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Prime Directives

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We rarely ask such a question anymore. The Great War, as it's been dubbed by scholars like Alpha Trion and Vector Prime, is to me not much of a war now as it is an understood backdrop in which we as Cybertronians exist. We are predisposed to it. We accept it as a thing we can’t not partake in. But what is the war really about? Not what drove us to it—not the why—but rather what has kept it going? How does it persist? Many have covered the origins of the war from Megatronus I’s rise to power against an oppressive senate in the south, Nova Prime and his nation’s simultaneous colonial expansion across the planet from the north, the eventual formation of the Decepticon Empire based in Kolkular, and the Autobots’ collection of nation states dubbed Iacon.* Nations fell, states were annexed, lives were lost. And yet, we persist with such action.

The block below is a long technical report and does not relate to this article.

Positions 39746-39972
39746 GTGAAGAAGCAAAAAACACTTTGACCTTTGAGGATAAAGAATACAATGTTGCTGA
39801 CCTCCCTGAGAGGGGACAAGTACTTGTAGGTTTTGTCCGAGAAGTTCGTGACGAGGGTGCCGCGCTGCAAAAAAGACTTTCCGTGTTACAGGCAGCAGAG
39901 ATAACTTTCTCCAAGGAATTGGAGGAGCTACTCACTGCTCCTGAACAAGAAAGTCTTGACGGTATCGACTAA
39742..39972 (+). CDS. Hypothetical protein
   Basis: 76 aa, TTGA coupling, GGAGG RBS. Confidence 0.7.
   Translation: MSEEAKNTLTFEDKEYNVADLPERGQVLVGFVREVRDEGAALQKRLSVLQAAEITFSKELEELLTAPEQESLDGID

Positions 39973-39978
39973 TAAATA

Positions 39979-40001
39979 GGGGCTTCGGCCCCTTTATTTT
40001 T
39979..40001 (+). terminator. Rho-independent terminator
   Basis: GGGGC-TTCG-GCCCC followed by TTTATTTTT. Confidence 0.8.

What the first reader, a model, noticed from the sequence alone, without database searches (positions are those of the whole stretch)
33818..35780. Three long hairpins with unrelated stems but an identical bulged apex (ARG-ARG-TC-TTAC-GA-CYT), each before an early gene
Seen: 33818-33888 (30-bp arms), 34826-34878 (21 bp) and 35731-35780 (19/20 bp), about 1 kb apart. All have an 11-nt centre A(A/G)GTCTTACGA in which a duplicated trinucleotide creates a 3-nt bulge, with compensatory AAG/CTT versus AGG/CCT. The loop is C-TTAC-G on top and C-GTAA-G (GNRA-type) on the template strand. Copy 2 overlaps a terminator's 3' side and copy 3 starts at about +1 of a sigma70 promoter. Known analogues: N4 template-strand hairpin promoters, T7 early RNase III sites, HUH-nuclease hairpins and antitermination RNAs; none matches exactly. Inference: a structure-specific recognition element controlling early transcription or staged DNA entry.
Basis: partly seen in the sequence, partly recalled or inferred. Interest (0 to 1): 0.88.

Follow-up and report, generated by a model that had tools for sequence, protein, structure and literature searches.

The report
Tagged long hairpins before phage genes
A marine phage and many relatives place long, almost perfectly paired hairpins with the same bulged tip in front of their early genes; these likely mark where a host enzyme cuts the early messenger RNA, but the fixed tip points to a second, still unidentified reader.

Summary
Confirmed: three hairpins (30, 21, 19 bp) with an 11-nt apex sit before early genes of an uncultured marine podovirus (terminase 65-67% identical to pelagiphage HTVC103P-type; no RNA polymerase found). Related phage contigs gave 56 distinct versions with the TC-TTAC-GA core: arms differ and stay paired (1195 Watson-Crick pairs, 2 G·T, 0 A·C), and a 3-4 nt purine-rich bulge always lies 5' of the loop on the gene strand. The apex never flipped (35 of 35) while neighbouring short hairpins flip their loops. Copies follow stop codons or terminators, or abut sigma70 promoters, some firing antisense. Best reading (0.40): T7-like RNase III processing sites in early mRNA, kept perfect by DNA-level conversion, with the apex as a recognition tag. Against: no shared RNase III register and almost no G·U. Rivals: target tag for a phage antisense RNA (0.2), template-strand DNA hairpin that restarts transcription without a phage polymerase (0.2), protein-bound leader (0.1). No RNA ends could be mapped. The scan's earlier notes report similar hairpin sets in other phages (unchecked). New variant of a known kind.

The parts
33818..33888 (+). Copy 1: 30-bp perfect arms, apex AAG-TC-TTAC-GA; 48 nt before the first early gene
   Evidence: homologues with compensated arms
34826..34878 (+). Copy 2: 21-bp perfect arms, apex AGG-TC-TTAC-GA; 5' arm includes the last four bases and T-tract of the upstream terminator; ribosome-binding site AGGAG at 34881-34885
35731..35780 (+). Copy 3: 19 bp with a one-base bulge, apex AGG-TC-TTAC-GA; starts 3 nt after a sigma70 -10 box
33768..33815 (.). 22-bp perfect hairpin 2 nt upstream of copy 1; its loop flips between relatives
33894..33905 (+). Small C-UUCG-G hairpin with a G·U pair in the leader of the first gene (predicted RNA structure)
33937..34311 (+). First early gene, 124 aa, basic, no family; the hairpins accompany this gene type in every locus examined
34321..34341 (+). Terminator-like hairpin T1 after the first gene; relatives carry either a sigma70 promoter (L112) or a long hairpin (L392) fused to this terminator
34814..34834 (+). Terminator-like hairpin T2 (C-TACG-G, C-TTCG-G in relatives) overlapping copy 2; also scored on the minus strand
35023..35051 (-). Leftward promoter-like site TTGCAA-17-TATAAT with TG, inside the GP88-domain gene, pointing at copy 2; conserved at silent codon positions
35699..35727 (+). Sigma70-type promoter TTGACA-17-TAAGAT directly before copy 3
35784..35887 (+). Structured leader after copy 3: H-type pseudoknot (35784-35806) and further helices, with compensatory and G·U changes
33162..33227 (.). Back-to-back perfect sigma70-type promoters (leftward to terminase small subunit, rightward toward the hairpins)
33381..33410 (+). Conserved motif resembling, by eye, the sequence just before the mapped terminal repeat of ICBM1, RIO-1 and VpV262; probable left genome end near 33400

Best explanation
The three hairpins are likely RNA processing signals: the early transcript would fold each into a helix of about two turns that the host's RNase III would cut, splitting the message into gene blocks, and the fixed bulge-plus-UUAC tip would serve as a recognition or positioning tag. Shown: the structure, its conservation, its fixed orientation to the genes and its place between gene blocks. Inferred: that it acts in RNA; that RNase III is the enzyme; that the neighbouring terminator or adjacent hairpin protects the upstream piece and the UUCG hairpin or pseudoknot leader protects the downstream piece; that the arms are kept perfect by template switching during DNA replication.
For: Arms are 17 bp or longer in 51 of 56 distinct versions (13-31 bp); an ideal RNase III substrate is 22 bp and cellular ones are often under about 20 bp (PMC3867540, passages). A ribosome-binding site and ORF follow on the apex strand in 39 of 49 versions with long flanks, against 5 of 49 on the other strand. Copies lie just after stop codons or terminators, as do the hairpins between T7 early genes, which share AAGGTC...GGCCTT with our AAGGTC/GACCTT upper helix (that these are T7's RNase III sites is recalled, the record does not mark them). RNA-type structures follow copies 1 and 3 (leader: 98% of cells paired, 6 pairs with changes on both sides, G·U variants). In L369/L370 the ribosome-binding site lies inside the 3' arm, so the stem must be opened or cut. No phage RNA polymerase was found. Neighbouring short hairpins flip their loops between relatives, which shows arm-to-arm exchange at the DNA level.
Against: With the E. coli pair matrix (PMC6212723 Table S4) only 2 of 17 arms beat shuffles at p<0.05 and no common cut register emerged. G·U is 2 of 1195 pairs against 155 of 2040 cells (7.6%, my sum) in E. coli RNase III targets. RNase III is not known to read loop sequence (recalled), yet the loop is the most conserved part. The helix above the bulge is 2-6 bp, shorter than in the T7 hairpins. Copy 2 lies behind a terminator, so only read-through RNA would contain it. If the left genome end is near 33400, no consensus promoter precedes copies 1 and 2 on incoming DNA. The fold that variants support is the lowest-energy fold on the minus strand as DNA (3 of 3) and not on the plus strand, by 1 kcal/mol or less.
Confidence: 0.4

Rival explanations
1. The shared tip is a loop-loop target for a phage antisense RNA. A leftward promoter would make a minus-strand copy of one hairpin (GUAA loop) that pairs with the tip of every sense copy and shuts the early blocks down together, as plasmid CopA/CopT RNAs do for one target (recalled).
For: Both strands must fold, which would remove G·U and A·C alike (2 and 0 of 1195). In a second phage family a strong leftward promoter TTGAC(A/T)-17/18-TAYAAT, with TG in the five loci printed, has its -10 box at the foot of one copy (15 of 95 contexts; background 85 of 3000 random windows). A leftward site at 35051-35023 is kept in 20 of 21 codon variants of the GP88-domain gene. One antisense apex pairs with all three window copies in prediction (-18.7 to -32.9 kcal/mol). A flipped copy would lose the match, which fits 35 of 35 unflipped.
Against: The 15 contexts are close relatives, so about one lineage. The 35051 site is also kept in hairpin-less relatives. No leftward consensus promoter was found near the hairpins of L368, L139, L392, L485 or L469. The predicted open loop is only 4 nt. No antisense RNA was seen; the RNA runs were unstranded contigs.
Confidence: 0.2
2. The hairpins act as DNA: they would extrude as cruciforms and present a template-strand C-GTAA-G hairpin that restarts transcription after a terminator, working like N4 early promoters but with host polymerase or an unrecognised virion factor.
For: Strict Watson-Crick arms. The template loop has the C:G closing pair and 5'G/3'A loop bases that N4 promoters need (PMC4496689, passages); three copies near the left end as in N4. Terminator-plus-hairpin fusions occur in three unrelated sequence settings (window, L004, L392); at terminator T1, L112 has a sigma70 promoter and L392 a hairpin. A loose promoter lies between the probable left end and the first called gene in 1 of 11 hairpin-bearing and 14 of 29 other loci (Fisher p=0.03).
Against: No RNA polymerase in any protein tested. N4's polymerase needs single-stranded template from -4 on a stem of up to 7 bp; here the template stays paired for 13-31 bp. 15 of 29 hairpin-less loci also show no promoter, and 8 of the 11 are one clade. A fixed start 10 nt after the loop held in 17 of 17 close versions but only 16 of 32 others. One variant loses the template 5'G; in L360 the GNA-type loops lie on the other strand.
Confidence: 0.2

It is easy to discuss the origins of the conflict. It is even easier to discuss the galactic conquests due to it, in part due to how extensive that history is—between the Great War’s beginnings and fighting on our home planet, and the large swathes of the galaxy that we have made our theater, the length of time of the former is overshadowed greatly by the latter.1 The galactic wars that our people have undertaken, the civilizations we have encountered, the planets we have razed, the writings of this material presuppose both an understanding of the contexts and precursors that led to such travesties, and paradoxically the supposed truth that such understanding not be needed in order to throw oneself into the miasma that our war has set over the galaxy.